LGBTQ+ Migrants: Strategizing Love and Survival at the U.S.- México Border
by Polet Campos-Melchor
During summer 2019, I conducted ethnographic research with Indigenous and Afro-Indigenous Lesbian, Gay, Bisexual, and Transgender (LGBT+) migrants in Ciudad Juárez, México. As part of my research, I asked my interlocutors questions about their experiences and motivations. I documented their migration process, observing both the uncertainty and the constant threat of violence that LGBTQ+ migrants face daily. I also took note of the survival strategies that they were using and how they understood survival. Each one of my interlocutors said love motivated them to continue their journey to the United States despite its many risks.
Throughout my fieldwork, I crossed the U.S./ México border daily. For eight weeks, I worked with LGBTQ+ migrants in an LGBTQ+ centered shelter in Juárez. About a week into my fieldwork in Ciudad Juárez, I met Esperanza, the Rarámuri, and Mennonite “mother” of the Pink House. As I walked through the streets of Calle Hospital, I saw a bright pink house with a rainbow and a trans flag hanging from the roof. Esperanza, a tall, pale woman with nineties-styled rolled bangs and warm brown eyes greeted me. She, along with recently arrived migrants, runs the house as a safe space; on many nights, residents dress and perform pasarelas (fashion shows) freely. Before meeting in person, we had spoken on the phone twice. The process of making this contact was circuitous. I was introduced to Esperanza via a contact from Las Cruces, New Mexico – an on-the-ground volunteer who received my information from a member of the El Paso LGBTQ+ center where I was volunteering. Esperanza is a well-known member of the LGBTQ+ community, and her goal is to keep LGBTQ+ migrants off the streets and get them into homes where they feel safe and welcome.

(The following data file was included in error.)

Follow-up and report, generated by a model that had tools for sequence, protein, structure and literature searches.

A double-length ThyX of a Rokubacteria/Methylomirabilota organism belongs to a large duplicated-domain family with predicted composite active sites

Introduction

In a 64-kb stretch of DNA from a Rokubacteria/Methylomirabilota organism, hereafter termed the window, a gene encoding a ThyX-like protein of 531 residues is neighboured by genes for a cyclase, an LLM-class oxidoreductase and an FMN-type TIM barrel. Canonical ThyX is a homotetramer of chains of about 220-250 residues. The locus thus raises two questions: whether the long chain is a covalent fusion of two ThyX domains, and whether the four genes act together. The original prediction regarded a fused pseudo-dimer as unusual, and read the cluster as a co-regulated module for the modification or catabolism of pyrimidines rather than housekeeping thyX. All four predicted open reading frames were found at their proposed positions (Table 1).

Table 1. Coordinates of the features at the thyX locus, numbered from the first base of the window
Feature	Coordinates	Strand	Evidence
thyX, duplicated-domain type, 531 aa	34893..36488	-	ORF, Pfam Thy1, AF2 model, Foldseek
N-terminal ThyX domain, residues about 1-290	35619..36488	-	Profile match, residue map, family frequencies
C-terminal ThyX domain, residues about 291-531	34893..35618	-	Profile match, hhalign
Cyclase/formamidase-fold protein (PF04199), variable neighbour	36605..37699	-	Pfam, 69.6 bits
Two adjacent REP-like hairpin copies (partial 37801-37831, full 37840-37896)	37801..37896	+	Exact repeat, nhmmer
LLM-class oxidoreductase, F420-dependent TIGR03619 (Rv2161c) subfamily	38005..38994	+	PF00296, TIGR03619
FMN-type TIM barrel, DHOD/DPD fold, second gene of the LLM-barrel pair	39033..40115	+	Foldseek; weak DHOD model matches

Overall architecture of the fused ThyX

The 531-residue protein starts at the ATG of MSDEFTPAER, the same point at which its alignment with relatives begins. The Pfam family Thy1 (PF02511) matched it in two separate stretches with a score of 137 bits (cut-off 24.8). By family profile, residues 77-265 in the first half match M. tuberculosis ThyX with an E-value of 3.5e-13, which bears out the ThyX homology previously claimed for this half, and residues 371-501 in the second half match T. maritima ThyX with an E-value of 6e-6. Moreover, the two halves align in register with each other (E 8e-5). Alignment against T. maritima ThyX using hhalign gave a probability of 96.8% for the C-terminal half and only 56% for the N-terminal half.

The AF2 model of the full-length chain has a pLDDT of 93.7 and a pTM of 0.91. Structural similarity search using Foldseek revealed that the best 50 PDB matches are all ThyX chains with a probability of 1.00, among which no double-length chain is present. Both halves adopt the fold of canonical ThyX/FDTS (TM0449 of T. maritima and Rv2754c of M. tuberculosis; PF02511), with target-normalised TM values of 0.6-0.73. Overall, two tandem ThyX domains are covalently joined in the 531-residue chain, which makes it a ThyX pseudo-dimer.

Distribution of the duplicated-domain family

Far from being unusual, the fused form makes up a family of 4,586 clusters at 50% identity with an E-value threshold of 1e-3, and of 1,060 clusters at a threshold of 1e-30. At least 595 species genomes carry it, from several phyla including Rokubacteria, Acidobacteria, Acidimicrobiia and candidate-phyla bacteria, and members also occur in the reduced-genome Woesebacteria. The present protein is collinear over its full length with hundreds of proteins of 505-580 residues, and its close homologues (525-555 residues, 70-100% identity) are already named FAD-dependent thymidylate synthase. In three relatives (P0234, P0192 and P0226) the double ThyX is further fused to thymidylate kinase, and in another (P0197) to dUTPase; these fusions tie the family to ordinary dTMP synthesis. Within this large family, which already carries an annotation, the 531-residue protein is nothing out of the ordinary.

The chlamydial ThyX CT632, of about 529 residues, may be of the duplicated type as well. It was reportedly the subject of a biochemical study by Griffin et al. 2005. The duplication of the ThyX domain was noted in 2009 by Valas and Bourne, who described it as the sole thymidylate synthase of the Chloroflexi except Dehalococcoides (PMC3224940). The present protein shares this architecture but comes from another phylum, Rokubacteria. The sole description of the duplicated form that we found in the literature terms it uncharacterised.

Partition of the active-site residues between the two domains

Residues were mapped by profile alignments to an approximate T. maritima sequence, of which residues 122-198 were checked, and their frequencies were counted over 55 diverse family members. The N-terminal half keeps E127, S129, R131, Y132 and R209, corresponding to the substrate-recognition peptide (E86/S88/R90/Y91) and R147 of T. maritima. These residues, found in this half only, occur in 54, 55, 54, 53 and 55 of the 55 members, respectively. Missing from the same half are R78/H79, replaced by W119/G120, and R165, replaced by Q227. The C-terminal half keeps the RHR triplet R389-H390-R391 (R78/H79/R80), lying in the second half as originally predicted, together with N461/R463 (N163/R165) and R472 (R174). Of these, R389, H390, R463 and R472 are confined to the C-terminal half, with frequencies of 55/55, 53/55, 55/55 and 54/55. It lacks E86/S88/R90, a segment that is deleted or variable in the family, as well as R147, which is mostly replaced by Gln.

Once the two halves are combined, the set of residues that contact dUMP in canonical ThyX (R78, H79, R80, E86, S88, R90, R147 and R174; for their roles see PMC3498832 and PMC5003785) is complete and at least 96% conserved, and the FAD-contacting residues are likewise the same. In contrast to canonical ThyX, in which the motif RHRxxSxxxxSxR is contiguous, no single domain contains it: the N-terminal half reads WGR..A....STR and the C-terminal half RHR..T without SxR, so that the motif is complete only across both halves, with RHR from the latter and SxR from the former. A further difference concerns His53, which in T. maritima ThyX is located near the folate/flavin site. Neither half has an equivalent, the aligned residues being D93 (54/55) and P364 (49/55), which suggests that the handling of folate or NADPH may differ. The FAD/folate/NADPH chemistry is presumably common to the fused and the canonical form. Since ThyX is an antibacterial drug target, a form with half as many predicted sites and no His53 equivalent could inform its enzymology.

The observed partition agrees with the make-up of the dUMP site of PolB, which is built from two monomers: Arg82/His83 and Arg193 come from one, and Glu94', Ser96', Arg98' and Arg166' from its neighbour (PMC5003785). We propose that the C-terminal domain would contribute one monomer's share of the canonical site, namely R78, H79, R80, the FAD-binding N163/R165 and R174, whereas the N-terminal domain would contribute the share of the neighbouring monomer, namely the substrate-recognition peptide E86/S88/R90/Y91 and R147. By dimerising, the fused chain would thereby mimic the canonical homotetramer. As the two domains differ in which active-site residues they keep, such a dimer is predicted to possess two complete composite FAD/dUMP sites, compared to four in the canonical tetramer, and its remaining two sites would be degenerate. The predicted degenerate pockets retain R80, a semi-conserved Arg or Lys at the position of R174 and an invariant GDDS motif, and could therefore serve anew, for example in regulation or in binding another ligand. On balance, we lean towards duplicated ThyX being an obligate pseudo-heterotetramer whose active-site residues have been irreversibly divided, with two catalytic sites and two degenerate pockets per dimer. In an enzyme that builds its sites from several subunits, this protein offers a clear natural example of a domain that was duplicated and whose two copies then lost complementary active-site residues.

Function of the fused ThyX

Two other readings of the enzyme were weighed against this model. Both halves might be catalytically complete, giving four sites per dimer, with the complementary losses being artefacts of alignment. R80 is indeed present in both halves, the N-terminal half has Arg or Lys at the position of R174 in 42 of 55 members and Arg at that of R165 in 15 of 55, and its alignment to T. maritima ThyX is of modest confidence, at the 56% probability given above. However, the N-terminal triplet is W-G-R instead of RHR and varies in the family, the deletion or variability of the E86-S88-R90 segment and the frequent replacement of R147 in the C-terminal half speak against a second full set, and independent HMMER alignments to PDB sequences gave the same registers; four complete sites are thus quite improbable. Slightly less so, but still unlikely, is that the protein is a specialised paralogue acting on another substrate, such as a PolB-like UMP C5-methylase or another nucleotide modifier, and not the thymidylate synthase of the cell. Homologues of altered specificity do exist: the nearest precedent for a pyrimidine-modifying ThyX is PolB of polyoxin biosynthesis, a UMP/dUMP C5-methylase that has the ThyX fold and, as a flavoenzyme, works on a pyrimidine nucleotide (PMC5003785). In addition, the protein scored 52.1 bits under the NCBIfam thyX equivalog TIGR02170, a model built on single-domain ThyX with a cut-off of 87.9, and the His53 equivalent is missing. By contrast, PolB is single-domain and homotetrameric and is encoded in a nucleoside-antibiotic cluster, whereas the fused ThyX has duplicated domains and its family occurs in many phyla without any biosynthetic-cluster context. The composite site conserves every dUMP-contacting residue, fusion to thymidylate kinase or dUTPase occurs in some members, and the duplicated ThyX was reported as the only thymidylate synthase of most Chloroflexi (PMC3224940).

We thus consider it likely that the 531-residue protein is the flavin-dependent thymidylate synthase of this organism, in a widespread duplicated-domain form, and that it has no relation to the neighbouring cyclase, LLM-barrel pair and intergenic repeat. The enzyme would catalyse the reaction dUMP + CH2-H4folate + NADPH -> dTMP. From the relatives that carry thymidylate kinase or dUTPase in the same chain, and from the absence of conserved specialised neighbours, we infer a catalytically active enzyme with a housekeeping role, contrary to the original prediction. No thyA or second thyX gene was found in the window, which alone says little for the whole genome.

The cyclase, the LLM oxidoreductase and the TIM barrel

During our initial interview, Esperanza told me that all her local friends in the LGBTQ+ community had passed away. She is motivated by the loss of her friends from the AIDS epidemic and has committed herself to serve and protect her community. But, she mentioned, ongoing transfemicides are difficult to tolerate. “Migration is a situation of life and death [for us],” she said. Each time a trans woman is killed in Ciudad Juárez, the authorities call her to see if she can identify them. Love, as articulated by bell hooks, emerges as a tool for establishing kinship, relationships of mutual trust, survival, and obligation.
Esperanza created the shelter as a form of caring and providing security for trans women. Today, the Pink House is the only shelter in Ciudad Juárez created by and for the LGBTQ+ migrant community. Esperanza not only provides a home for the community, but is also a witness in accounting for transfemicides in Ciudad Juárez as well as accounting for the whereabouts of the trans women who pass through the Pink House and into detention centers. Esperanza’s testimonies provide witness accounts of the ongoing injustices committed against trans women; she shows up for the dead regardless of her relationship to them.